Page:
This is a longer version of an article also published in the Financial Times.
Here’s what I hope for in 2010 in the happy little puddle of life that is the world of wine.
I’d like to see a tax on the use of the word ‘passion’ when applied to wine producers. I seem to find it plastered all over sales pitches, describing the most lugubrious and/or inexperienced winemaker as inflamed by passion for their craft. Anyone who describes themselves as passionate, intellectual or witty isn’t.
It would be very healthy for the fine-wine market if there were more top-quality places to store wine, with reliably constant cool temperatures and reasonable humidity. Of course, in our energy-conscious age, underground storage makes hugely more sense than expensively controlled above-ground warehouses. Octavian at Corsham, deep underneath the turf of western England in an ex munitions factory, is an important depot for many of the world’s fine-wine traders and fine-wine collectors. Crown Wine Cellars, in another old military installation deep in the hills behind Hong Kong (its library, where many a fine-wine dinner has been held, is shown here), was founded with great foresight by local businessman Jim Thompson in 2001 and has become increasingly important in the last couple of years since the old colony abolished duty on wine and took its place as the fine-wine hub of Asia’s burgeoning wine markets (overtaking London as a wine auction centre in the process). But it would be good for consumers if both these market leaders had more competition.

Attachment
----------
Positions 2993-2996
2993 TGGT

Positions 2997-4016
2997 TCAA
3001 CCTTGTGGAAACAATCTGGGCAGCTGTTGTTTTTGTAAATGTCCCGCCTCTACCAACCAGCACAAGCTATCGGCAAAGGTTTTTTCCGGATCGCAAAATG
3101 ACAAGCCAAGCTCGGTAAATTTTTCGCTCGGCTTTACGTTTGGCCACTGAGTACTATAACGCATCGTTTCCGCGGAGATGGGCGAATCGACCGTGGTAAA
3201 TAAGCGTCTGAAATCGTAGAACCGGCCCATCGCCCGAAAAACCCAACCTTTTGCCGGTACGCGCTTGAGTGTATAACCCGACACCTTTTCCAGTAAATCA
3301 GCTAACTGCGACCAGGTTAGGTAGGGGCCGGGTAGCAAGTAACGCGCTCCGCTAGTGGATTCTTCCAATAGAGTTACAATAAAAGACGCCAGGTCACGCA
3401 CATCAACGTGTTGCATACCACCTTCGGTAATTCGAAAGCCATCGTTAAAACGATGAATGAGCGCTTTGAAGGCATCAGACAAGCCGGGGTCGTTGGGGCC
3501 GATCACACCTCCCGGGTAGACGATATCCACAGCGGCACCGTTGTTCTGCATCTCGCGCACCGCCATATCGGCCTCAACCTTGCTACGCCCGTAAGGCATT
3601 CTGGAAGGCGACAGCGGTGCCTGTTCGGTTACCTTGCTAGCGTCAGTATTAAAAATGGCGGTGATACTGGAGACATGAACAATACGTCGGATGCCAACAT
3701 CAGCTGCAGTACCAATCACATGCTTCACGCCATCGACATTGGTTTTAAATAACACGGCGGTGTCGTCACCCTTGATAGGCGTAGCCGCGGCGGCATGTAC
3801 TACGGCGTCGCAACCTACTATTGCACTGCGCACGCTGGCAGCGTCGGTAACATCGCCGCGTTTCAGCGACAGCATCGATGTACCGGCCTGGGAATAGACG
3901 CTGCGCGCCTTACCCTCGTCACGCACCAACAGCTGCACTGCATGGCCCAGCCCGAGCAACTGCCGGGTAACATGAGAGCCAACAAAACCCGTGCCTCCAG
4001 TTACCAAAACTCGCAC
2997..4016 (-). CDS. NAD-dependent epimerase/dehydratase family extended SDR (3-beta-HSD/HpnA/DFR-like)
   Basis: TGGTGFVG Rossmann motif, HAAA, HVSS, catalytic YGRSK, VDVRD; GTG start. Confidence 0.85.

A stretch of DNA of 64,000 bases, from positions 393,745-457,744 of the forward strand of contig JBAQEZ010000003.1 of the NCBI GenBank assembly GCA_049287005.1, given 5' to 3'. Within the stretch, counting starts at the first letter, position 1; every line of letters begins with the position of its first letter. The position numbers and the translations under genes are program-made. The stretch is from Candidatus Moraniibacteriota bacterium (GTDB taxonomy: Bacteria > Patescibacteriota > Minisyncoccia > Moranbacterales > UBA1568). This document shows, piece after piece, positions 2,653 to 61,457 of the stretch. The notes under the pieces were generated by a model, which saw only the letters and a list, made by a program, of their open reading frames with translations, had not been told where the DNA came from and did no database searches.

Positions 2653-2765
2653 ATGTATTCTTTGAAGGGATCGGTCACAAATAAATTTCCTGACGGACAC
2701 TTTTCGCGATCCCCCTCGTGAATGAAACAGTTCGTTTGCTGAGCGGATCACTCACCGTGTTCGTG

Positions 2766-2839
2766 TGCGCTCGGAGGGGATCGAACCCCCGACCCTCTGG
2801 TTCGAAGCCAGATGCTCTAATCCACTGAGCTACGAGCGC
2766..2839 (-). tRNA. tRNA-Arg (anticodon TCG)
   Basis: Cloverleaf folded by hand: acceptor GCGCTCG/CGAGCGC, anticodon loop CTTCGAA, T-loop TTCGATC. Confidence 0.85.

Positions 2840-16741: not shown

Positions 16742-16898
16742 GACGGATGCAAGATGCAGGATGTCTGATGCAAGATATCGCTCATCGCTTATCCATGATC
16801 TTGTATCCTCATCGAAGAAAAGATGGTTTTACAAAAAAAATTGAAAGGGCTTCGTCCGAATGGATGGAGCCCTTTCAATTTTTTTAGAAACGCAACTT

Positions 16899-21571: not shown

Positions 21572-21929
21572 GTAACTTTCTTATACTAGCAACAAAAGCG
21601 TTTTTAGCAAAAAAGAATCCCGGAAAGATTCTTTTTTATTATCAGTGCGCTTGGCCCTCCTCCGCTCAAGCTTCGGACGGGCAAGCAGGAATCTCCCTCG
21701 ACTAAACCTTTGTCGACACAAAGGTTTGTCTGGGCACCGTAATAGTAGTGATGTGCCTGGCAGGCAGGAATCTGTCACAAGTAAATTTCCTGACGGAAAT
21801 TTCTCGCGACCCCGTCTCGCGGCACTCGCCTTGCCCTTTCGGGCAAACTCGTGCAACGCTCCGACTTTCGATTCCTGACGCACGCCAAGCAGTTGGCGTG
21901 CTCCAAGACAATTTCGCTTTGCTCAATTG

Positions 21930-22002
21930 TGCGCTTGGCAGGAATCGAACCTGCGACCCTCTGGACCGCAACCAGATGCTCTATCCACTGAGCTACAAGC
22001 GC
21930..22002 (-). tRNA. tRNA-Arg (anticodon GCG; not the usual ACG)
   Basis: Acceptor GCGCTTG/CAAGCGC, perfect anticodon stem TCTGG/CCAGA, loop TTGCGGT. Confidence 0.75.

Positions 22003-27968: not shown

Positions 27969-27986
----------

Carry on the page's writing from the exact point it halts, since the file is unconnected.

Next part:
Crown themselves have been expanding in Hong Kong and a few more competitors seem to be emerging there, even if a significant proportion of the fine wine traded in Hong Kong is shipped out to Macau and thence, it is assumed, to mainland China. And there is encouraging news of at least two new developments in subterranean southern England. Locke-King Vaults in Weybridge, Surrey, a mile of tunnels that were effectively a second world war air-raid shelter for those building Lancaster bombers and Hurricane aircraft on the site of the old Brooklands racetrack, is currently being prepared for fine-wine storage by bonded warehouse keepers EHD. And another professional storage company, Oxford Exhibition Services, is renting vaults deep inside a chalk hill near Salisbury that were until recently used by the Ministry of Defence for extremely secure storage, with a view to offering the space as a top-quality wine warehouse.
Then, thanks to a change in the French tax laws, wine bought in Bordeaux can now be stored in bond by individuals in the French city itself, either in a warehouse owned by merchants Joanne, or in the new Bordeaux City Bond owned by a group of Bordeaux merchants. Both these facilities are above ground, but they certainly offer proximity to the wine châteaux, and minimise the chance of the greatest danger posed to fine wine in transit apart from theft: dangerous temperature variation.